__/ [ Jordan Abel ] on Sunday 26 March 2006 16:34 \__
> On 2006-03-26, Roy Schestowitz <newsgroups@xxxxxxxxxxxxxxx> wrote:
>> __/ [ Tristan Miller ] on Thursday 23 March 2006 02:13 \__
>>> Quoth the GNU ar(1) man page:
>>>> The GNU ar program creates, modifies, and extracts from archives. An
>>>> archive is a single file holding a collection of other files in a
>>>> structure that makes it possible to retrieve the original individual
>>>> files (called members of the archive).
>>>> The original files' contents, mode (permissions), timestamp, owner,
>>>> and group are preserved in the archive, and can be restored on
>>> This description could apply equally well to tar. So why two separate
>>> programs and file formats? Is there something about the ar format which
>>> makes it particularly well-suited for making executable code libraries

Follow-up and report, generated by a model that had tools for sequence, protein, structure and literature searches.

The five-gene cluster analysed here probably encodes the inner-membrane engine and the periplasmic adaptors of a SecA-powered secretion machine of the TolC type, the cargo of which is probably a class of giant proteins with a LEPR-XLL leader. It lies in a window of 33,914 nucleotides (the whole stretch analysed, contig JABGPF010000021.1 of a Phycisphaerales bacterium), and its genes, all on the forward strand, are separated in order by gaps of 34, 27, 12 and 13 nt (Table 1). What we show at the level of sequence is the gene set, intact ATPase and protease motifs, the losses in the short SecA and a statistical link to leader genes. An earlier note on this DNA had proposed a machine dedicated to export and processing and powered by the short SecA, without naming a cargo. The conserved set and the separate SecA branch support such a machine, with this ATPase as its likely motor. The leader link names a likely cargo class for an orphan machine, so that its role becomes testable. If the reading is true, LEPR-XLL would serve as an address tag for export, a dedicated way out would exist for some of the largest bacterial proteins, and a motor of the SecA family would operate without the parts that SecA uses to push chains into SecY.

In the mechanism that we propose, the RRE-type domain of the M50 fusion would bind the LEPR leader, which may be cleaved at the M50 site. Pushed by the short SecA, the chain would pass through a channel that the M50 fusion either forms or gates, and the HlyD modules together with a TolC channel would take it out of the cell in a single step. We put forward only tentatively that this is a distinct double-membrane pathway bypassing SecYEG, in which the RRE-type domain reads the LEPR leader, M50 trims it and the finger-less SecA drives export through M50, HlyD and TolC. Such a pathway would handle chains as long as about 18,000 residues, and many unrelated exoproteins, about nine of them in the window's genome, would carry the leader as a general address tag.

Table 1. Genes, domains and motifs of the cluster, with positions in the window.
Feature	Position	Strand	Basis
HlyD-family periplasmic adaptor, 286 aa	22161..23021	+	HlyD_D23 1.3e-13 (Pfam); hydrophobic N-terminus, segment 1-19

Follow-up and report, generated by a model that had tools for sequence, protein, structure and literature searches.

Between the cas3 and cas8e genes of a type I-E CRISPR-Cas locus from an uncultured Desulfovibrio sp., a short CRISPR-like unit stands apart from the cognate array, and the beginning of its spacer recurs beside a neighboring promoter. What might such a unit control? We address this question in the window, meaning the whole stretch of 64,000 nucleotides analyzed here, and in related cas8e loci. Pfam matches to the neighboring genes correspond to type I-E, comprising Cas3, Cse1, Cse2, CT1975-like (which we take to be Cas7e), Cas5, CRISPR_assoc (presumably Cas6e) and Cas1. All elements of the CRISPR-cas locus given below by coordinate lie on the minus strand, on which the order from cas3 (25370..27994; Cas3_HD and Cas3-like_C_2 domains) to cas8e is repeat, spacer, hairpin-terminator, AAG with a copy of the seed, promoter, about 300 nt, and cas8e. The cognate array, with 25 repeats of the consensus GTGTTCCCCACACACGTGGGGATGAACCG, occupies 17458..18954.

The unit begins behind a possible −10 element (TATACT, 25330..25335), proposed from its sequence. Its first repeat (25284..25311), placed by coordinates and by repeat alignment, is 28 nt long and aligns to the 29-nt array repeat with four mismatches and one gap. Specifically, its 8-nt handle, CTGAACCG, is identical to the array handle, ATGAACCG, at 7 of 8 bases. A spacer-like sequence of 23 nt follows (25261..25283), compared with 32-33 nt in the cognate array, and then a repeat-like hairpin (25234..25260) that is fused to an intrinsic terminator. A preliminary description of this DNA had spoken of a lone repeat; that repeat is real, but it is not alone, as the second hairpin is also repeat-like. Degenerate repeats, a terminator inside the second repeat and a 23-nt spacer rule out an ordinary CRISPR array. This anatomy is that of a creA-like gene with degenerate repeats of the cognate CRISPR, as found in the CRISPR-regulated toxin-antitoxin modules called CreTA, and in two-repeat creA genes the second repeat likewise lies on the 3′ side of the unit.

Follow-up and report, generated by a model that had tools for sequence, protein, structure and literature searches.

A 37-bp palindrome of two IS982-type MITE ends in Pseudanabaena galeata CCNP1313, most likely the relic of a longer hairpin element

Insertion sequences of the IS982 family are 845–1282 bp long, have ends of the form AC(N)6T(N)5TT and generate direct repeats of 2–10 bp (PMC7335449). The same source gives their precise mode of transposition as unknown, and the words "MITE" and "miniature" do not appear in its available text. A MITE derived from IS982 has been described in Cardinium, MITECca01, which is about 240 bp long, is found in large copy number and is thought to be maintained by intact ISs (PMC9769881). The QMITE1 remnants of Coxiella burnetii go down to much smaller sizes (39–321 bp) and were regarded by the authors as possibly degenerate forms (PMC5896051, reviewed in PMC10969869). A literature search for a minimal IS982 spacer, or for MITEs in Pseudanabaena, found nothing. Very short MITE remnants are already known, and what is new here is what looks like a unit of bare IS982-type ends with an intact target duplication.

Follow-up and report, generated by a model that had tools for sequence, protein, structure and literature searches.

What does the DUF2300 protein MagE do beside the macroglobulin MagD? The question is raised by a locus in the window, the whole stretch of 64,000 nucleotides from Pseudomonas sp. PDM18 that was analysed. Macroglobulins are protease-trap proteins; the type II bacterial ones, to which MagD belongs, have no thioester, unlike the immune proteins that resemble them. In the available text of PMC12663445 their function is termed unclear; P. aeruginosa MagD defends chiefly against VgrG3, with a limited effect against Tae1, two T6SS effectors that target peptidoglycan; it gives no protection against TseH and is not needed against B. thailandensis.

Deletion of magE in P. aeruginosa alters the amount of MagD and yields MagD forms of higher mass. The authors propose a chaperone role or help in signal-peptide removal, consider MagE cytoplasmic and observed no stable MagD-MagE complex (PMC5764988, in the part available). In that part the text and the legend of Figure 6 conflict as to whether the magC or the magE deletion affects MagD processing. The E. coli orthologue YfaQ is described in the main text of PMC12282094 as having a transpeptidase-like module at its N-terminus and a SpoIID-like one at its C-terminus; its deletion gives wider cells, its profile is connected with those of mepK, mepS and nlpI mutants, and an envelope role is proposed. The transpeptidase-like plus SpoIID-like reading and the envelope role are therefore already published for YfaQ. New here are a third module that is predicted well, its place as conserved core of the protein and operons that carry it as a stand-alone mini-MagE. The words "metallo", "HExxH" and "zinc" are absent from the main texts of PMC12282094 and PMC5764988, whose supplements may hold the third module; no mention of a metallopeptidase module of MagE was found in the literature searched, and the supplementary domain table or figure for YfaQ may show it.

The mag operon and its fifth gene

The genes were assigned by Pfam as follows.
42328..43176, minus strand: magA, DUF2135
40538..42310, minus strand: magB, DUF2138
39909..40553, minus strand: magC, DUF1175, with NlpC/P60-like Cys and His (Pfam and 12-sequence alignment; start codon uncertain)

>>> not general-purpose archives? And likewise, is there something about the
>>> tar format which makes it unsuitable for executable code libraries?
>> I'd venture to guess that the relationship between ar and tar is
>> similar to the relationship between grep, egrep, fgrep (among similar
> Not really. For example, egrep/grep/fgrep all take pretty much the same
> options. tar and ar use completely different file formats, options, etc.
> What other 'similar examples' were you thinking of?
The variant of GNU, as in gCOMMAND and COMMAND. This is rather common, even
in programming language (sometimes (G)TK). I mistakenly thought that the "T"
in "tar" could represent some advancement of wrapping for some extra
> <snip />